On April 29, 2015, the Supreme Court issued a unanimous decision in Mach Mining, LLC v. EEOC, No. 13-1019, 575 U.S. , 2015 U.S. Lexis 2984. In Mach Mining, the Court considered whether federal courts have the authority to review the Equal Employment Opportunity Commission’s (“EEOC’s”) compliance with its statutory obligation to attempt conciliation before filing suit. The Court held that federal courts have the authority to review the EEOC’s efforts, but that this review must be narrow: courts are authorized to review only whether the EEOC gave the employer adequate notice of its findings and an opportunity to discuss conciliation. The decision does not provide employers with a basis to challenge the EEOC’s conciliation efforts on the ground that, having provided the opportunity to discuss settlement, the EEOC then failed to engage in settlement discussions in good faith.
Under Title VII, plaintiffs asserting employment discrimination claims must first file a charge with the EEOC in order to obtain relief. The EEOC is then required to undertake an investigation of the charge. Where the EEOC finds that there is “reasonable cause” to believe that discrimination took place, the EEOC must “endeavor to eliminate any such alleged unlawful employment practice by informal methods of conference, conciliation, and persuasion.” 42 U.S.C. §2000e-5(b). If the EEOC is unable to obtain a settlement through conciliation, it may then either bring a lawsuit against the employer or issue a notice of a right to sue letter that will allow an employee to bring suit on his or her own behalf.
In Mach Mining, a woman filed a charge with the EEOC claiming that Mach Mining refused to hire her as a coal miner because of her sex. The EEOC investigated the allegations and found reasonable cause to believe that Mach Mining had engaged in discriminatory behavior, and sent a letter to the parties informing them of its findings and stating that it would contact the parties to engage in the conciliation process. Mach Mining maintains that it was not subsequently contacted by the EEOC, and that no conciliation efforts were undertaken by the EEOC. A year later, the EEOC sent Mach Mining a letter that stated that conciliation was unsuccessful. The EEOC then filed suit against Mach Mining in federal court.
In its answer, Mach Mining claimed that the EEOC failed to conciliate in good faith prior to filing suit. The EEOC moved for summary judgment on this issue, claiming that its conciliation efforts are not subject to judicial review. The district court rejected the EEOC’s contention, and this decision was subsequently appealed to the Seventh Circuit and the Supreme Court.
B. The Supreme Court’s Decision
First, the Court considered whether courts have authority to review the EEOC’s conciliation efforts. The EEOC argued that since Title VII provides “no standards by which to judge” the EEOC’s performance at conciliation, Congress left conciliation to the EEOC’s discretion and did not intend for there to be judicial review. The Court rejected this argument, concluding that Congress rarely intends to prevent courts from enforcing its directives to federal agencies, and that some level of judicial review is appropriate.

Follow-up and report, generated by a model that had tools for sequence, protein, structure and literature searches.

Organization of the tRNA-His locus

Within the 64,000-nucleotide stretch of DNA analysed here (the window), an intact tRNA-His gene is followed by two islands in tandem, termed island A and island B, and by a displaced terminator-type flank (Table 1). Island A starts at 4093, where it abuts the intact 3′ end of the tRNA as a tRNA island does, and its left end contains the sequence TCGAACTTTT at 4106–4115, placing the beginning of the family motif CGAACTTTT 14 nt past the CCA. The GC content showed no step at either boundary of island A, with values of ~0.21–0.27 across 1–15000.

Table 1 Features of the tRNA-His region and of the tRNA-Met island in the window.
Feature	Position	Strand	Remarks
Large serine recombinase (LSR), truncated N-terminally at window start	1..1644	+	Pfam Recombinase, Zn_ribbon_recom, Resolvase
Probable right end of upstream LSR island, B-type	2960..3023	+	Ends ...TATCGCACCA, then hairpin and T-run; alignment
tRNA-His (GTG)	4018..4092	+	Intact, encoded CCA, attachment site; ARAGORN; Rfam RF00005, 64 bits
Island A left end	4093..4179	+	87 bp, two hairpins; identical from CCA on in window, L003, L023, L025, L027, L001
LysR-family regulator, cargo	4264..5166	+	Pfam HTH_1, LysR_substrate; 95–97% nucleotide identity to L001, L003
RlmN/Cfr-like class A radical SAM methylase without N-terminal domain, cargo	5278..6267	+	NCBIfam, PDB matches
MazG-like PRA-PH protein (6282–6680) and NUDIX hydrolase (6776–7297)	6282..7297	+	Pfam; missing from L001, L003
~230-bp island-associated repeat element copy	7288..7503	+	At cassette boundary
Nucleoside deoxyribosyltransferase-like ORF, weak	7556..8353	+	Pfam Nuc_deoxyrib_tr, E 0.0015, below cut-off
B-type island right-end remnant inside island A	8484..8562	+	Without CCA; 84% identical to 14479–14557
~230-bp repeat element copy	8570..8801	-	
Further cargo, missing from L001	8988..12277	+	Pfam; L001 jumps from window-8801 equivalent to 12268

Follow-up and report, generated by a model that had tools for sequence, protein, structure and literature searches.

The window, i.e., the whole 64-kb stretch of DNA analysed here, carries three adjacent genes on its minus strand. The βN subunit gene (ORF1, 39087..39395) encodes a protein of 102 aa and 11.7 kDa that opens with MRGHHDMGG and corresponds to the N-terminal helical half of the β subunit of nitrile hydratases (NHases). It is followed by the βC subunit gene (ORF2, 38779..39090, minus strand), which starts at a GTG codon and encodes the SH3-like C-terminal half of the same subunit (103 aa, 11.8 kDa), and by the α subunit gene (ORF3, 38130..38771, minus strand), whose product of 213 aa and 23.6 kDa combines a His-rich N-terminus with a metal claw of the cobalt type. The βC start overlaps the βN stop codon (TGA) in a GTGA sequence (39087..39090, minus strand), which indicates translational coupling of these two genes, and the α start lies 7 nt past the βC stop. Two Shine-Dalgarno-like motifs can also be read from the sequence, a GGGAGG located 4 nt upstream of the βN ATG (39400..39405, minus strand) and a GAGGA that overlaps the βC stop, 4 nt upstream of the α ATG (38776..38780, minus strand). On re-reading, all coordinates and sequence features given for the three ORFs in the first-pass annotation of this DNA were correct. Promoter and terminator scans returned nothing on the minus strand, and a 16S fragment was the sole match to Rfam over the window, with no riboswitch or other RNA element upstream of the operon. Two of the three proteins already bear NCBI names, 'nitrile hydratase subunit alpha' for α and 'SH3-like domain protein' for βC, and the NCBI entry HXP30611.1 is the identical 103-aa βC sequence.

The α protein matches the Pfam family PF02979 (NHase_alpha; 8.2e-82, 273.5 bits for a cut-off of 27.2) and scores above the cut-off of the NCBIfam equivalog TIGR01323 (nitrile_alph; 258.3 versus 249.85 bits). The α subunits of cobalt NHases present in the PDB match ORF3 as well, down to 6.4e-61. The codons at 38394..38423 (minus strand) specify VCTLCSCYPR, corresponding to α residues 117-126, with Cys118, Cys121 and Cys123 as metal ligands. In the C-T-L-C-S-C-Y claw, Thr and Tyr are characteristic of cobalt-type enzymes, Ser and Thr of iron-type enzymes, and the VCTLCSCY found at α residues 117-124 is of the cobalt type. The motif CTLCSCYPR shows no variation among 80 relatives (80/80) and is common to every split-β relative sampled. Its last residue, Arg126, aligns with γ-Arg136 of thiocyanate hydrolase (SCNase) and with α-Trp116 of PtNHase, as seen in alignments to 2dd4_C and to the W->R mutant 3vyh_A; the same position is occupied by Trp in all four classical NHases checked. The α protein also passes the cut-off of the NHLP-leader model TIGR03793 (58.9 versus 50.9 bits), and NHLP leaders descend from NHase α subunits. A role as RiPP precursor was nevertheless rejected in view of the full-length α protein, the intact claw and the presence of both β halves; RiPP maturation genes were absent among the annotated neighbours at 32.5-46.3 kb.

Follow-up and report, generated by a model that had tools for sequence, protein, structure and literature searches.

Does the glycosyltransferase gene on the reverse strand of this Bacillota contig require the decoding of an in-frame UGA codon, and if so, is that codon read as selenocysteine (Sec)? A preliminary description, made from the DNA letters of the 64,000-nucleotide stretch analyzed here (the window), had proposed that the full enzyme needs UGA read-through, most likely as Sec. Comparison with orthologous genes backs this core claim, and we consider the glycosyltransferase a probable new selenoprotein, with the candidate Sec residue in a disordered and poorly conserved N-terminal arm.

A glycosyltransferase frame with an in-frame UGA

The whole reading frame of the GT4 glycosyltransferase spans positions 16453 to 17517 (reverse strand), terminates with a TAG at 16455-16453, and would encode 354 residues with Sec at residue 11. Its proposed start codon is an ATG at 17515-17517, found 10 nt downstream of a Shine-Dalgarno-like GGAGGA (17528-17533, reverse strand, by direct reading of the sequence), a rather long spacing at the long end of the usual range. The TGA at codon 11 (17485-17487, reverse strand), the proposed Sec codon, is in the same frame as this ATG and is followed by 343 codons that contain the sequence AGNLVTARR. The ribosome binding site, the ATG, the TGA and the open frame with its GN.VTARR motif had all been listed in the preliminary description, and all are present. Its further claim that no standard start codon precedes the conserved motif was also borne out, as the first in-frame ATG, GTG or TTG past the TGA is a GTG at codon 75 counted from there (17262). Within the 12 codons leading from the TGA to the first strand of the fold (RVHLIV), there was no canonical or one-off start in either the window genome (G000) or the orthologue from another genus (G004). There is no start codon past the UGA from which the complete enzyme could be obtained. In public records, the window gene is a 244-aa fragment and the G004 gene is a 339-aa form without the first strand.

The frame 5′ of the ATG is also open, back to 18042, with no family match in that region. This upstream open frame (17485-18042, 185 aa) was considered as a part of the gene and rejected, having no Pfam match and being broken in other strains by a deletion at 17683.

Second, the Court considered the proper scope of judicial review. The EEOC argued that judicial review should be limited to documents submitted by the EEOC regarding conciliation efforts. The EEOC argued that because it sent two letters—one announcing a conciliation process and one claiming that conciliation was unsuccessful—it had complied with the statute. Mach Mining argued for an expansive review of the conciliation process, analogous to court oversight of collective bargaining between labor unions and employers.
The Court rejected both proposals and decided that “narrow” judicial review was required. It concluded that the EEOC could generally meet its notice requirements under the statute by providing a written communication containing the “alleged unlawful employment practice,” and a statement that the EEOC would “endeavor” to achieve a settlement between the parties. Separately, the statute requires that the EEOC communicate with the parties through “conference, conciliation, and persuasion.” The Court held that while courts may exercise judicial review over whether the EEOC satisfied these requirements, the review must be “narrow” and “relatively barebones,” and should be limited to considering: (i) whether the EEOC “[told] the employer about the claim—essentially, what practice has harmed which person or class,” and (ii) “provide[d] the employer with an opportunity to discuss the matter in an effort to achieve voluntary compliance,” either through written communications or in a conversation.
Finally, the Court remanded the case to the district court to determine whether the EEOC met the conciliation requirement.
C. Implications of the Decision
The Court made clear that it will no longer be sufficient for the EEOC to send the employer an opening letter stating that it would contact the employer about conciliation, and a closing letter stating that conciliation had failed. Given the narrow scope of judicial review, however, we expect that so long as the EEOC also actually contacts the employer to offer a chance to either discuss conciliation or make a proposal, courts will typically find that the EEOC satisfied its obligations to conciliate. The Court made clear that courts should not review “the pace and duration of conciliation efforts, the plasticity or firmness of its negotiating positions, and the content of [the EEOC’s] demands for relief.”